We’ve moved, ya’ll. We’ve left the hustle and bustle of the big city of Belfast. We’ve sold our house and are looking forward anew.

We’re living in a yellow house on 5 acres out in Searsmont. We have two hammocks and a bunch of rose bushes, a big ol’ fire pit and a gardening shed in which I’ve set up a workstation for planting and futzing around. I added white lights on the ceiling and the wall so when I’m working at dusk, it looks like a sparkly shed of awesomeness, which it is. There’s a male partridge who drums his wings most mornings, trying to get a female to also move to Searsmont, apparently. So far it doesn’t seem to be working.

We’ve been here a year, settling in and slowing down. It’s what we crave these days. It’s oversimplified to say we needed some breathing time after the craziness of the years our children were in school and so busy it felt our heads were going to spin off our necks. But there it is.

Natalie is in high school now but with just the one it’s manageable to sometimes need to drive back into town two or three times a day. It’s rare anyway. Mostly, I spend a lot of time staring at trees, wandering our land and finding out where the deer live and the fox burrow. So far I’ve noticed maple, birch, oak, cedar, pine and ash trees, along with two fat rabbits who make their home on the edge of the woods, near our fire pit, who both love the carrots and celery I offer so I can watch them nibble.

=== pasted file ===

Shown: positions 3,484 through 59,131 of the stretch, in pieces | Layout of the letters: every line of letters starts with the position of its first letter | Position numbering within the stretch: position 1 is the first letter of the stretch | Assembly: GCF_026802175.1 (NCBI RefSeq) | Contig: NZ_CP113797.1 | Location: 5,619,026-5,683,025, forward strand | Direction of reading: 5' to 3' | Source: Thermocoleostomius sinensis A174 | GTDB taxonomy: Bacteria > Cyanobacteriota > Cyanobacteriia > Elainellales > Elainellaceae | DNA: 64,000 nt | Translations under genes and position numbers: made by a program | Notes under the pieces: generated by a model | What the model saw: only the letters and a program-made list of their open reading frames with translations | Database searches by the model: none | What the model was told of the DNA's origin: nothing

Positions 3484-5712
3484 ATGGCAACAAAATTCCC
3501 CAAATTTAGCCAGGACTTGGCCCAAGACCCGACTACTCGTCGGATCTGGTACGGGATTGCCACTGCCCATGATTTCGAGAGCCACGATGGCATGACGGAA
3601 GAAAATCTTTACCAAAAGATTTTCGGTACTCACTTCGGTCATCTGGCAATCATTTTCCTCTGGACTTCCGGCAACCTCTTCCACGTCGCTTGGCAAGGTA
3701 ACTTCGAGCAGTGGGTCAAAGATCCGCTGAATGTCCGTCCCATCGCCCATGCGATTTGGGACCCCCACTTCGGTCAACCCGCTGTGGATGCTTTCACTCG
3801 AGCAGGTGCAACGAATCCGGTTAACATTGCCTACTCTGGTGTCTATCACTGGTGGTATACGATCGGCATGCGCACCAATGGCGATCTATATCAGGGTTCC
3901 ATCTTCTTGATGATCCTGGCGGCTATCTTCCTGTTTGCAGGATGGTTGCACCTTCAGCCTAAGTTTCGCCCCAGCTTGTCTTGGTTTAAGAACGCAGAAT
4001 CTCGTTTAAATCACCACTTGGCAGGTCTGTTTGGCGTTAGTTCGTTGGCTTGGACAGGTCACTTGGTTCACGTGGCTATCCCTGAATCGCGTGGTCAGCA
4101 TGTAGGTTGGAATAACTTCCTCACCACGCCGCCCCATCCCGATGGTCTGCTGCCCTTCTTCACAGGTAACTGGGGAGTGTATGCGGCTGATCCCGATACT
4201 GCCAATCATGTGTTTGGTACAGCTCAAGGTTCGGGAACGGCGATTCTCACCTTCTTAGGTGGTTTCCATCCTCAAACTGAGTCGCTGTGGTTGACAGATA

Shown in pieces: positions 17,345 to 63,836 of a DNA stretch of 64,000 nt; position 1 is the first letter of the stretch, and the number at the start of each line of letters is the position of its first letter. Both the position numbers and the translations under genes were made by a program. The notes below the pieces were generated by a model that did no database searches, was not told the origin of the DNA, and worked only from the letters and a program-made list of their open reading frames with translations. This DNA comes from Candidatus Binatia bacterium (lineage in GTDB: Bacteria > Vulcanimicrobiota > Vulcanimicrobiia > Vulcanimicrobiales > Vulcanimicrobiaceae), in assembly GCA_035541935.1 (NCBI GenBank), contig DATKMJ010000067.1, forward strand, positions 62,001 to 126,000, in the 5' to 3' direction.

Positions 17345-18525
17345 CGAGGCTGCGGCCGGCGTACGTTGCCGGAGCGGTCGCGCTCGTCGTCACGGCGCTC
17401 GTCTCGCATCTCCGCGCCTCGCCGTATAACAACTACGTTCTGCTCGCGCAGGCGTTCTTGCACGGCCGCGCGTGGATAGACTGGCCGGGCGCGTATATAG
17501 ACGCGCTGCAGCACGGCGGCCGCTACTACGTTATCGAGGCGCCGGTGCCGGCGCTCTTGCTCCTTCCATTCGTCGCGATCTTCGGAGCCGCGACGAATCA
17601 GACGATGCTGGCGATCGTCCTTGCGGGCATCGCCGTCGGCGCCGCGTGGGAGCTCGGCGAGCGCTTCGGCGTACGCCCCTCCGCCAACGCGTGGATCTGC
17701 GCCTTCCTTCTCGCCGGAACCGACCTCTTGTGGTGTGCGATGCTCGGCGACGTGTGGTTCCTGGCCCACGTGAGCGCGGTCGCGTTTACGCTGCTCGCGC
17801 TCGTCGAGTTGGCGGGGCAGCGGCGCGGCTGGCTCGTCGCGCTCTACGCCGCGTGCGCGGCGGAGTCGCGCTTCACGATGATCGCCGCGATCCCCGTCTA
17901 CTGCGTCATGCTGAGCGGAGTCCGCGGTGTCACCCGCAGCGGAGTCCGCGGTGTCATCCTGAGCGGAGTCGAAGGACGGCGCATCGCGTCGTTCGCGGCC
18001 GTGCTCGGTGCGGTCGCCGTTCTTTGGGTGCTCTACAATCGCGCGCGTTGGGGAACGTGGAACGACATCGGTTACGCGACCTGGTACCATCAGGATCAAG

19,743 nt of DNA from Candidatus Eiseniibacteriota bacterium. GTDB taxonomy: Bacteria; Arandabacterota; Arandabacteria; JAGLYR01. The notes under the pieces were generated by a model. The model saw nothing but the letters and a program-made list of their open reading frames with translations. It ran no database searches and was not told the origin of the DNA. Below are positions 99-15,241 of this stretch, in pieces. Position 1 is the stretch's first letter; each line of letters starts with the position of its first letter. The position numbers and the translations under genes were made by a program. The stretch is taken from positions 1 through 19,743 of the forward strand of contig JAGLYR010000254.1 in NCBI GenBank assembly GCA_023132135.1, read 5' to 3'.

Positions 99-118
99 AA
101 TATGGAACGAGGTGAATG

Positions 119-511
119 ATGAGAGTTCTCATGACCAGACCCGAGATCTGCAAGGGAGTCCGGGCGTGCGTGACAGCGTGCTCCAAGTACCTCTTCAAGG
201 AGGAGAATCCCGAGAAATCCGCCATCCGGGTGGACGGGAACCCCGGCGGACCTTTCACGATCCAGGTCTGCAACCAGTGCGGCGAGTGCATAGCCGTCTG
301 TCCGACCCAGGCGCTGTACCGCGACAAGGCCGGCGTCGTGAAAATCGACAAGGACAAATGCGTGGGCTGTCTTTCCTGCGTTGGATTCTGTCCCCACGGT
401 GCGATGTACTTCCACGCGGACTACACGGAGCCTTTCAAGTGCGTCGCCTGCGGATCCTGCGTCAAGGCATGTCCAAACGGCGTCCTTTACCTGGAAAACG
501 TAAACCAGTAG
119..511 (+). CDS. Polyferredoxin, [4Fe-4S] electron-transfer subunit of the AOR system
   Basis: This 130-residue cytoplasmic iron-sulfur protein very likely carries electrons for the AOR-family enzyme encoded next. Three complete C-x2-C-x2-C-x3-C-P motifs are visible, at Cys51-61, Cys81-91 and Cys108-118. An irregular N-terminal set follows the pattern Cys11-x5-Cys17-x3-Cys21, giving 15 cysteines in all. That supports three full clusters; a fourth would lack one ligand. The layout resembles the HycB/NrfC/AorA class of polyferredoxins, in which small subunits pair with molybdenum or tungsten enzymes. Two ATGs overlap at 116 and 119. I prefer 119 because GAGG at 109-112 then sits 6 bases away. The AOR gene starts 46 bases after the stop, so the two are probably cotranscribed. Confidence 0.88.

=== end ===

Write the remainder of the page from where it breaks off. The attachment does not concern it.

Life is slower, and purposefully so. Heading down to the local brewery for trivia night is our idea of fun right now. I’ve also taken up knitting.

It’s been a full year of quiet contemplation about my life and what it means, and who I am and what I want. Twenty years of raising my three kids, by necessity, kept my attention very much outward, and I am most grateful for them. Two decades of the rollercoaster of bliss, self-doubt, laughter, dismay and pandemonium that I dreamed of, and got to experience, is the greatest joy of my life so far.

But as the years of living with our kids wind down, I’ve been surprised and excited, recently, to realize I haven’t gone off the deep end. I’ve been hibernating, not surrendering: recovering, not withering. I’m gearing up for Act II.

It isn’t written yet.